This Week on p5p 2001/07/02

Notes

This week on P5P

Notes
Module Versioning and Testing
Carpentry
Regex Capture-to-variable
Perl on S390
UTS Amdahl
Various

Please send corrections and additions to perl-thisweek-YYYYMM@simon-cozens.org where YYYYMM is the current year and month. Changes and additions to the perl5-porters biographies are particularly welcome.

This was a reasonably normal week, seeing the usual 500 or so messages.

Many thanks again to Leon for last week's summary.

Module Versioning and Testing

There's a move on to make the modules under ext/ free-standing: that is, to be able to say

cd ext/File/Glob

make dist

and get a bundle that can be uploaded to CPAN or otherwise distributed. The only problem with this is tests. Currently the tests are kept under t/ of the main root of the Perl source tree, and are run when a make test is done there. To make the modules freestanding, you'd have to move the tests to ext/Foo/Bar/t/ and have the main make test also traverse the extension subdirectories and run the tests there. But then, of course, there's another problem. Can you spot it?

make test is run from an uninstalled Perl, which needs explicit hints about where to find the Perl library. Hence, the tests in t/ directly wibble @INC. This wouldn't work if we're making the modules freestanding, or if we move the tests to ext/Foo/Bar/t/. So the trick, which nobody's done yet, is to move the tests to the right place, change the main make test to recurse extension subdirectories, but also to propagate an environment variable telling the module where to find the library. ( PERL5LIB is what you want for this.) That would be a nice little task for someone...

Speaking of testing, Schwern got Test::Simple and Test::More added to the core, bringing the first All Your Base reference into the Perl source tree. Oh, and how many different testing mechanisms?

Robin Houston incremented B::Deparse's version number and added some change notes. Here's what's improved since 5.6.1:

    Changes between 0.60 and 0.61 (mostly by Robin Houston) 
    - many bug-fixes 
    - support for pragmas and 'use' 
    - support for the little-used $[ variable 
    - support for __DATA__ sections 
    - UTF8 support 
    - BEGIN, CHECK, INIT and END blocks 
    - scoping of subroutine declarations fixed 
    - compile-time output from the input program can be suppressed, so that the 
      output is just the deparsed code. (a change to O.pm in fact) 
    - our() declarations 
    - *all* the known bugs are now listed in the BUGS section 
    - comprehensive test mechanism (TEST -deparse)

The new test mechanism is great: it runs the standard Perl test suite through B::Deparse and then back through Perl again to ensure the deparsed code still passes the tests. And, as a testament to the work that's been done on B::Deparse, they mostly do pass.

Schwern also bumped up ExtUtils::Manifest, which caused Jarkko to appeal for a script which checks two Perl source trees to find updated versions of modules without a version change. Larry Shatzer provided one, and Jarkko used it to update the versions in the current tree. Schwern also put Cwd on CPAN, and found a weird dynamic loading bug with the XS version of Cwd. Oh, and noted that after his benchmarking, there's no significant performance loss between 5.6.1 without PerlIO and bleadperl with it.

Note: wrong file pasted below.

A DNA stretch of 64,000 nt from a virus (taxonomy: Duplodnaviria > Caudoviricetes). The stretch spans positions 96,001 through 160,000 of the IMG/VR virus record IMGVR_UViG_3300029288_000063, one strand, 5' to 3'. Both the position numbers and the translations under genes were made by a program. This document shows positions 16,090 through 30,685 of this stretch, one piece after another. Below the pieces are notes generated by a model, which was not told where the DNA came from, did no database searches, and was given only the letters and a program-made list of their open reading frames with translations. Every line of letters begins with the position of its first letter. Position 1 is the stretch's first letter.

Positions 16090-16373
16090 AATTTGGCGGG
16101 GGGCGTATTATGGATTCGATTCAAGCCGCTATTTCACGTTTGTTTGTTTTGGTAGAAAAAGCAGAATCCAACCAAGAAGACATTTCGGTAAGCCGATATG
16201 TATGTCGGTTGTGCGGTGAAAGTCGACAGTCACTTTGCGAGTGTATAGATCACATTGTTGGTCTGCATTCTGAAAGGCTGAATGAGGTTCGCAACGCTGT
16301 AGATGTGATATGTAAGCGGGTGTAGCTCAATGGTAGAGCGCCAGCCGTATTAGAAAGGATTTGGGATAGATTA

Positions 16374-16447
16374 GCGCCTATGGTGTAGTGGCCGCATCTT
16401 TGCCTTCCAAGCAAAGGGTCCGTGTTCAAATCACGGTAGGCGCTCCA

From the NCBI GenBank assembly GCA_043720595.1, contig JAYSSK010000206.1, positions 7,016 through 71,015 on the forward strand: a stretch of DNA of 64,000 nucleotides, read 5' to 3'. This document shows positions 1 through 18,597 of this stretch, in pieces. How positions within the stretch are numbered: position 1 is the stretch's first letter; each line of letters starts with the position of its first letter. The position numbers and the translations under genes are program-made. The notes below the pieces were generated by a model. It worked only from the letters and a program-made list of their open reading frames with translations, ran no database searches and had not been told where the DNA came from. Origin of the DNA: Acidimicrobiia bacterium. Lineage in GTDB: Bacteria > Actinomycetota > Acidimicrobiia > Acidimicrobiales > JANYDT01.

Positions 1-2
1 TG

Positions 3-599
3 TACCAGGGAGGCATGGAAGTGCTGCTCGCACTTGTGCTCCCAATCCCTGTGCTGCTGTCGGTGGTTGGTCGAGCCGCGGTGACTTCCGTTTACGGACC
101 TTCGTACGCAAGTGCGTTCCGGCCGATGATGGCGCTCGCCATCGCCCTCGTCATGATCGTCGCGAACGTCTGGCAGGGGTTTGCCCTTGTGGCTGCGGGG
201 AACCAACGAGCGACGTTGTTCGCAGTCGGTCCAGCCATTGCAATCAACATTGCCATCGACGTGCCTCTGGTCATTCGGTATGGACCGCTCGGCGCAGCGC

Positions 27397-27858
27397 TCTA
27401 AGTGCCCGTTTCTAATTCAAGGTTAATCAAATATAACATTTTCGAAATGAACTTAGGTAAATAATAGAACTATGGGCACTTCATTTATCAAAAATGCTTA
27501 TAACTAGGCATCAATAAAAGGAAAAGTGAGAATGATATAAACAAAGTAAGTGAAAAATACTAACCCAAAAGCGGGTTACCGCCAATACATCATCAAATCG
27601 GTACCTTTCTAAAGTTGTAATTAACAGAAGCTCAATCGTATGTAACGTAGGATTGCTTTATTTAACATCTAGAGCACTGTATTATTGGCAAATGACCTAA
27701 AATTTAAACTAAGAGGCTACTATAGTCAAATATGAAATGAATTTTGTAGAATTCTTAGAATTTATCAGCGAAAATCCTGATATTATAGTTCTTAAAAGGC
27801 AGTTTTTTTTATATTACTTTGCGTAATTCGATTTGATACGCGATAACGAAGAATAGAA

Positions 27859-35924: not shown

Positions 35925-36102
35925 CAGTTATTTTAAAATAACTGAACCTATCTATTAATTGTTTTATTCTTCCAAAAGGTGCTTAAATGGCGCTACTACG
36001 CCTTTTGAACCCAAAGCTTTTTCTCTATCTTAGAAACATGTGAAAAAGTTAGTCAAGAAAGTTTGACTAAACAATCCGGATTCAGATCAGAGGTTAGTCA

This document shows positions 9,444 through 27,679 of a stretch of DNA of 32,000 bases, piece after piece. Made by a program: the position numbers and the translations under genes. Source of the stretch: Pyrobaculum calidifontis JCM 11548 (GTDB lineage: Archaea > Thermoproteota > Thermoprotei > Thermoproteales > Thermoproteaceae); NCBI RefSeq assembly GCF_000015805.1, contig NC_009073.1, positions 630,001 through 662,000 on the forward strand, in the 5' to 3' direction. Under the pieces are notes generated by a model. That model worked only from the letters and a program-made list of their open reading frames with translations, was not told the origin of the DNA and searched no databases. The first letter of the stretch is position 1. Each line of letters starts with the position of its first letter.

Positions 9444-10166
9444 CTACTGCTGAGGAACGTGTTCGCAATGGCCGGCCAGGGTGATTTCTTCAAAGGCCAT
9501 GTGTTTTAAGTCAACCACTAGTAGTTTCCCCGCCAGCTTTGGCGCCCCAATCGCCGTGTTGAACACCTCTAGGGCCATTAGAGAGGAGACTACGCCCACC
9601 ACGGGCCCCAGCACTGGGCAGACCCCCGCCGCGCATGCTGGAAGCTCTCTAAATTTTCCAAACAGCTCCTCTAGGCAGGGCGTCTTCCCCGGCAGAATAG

Carpentry

Mike Guy partially fixed a problem whereby when a magic variable like $1 is passed as a subroutine parameter, carp and the debugger don't see it properly. Tony Bowden took the opportunity to ask for either more or less documentation for longmess and shortmess depending on whether or not they were meant to be internal to Carp. Tony wrote a documentation patch himself.

Schwern asked for a better name for those functions, perhaps more in line with the carp/croak/cluck theme. Jarkko suggested yodel and yelp which Schwern implemented.

Andreas had a quick bitch about Schwern's, uh, idiosyncratic naming style:

Your style of naming things is just plain sick:

AnyLoader does anything but interface to any loader. Ima::DBI has something to do with DBI, but nothing with Ima. D::oh is the only really funny one. But it's from 1999 and getting old. Sex: I still don't know if it is fun or what. Bone::Easy? Same here. Semi::Semicolon? Same here.

And now yodle!

Unfair, though, since yodel and yelp weren't his...

However, Hugo objected to yodel/ yelp because the other verbs write to standard error, hence "speaking" whereas longmess and shortmess don't actually "say" anything. Jarkko agreed, and there the matter rested. (Modulo Rich Lafferty's suggestion of "flame" for objections in a written medium...)

Regex Capture-to-variable

Jeffrey Friedl (he of the Regexp book) came up with an interesting patch which adds the new special variable $^N for the most-recently assigned bracket match. This is different from $+ which is the highest numbered match; that's to say, given

    /(foo(bar))/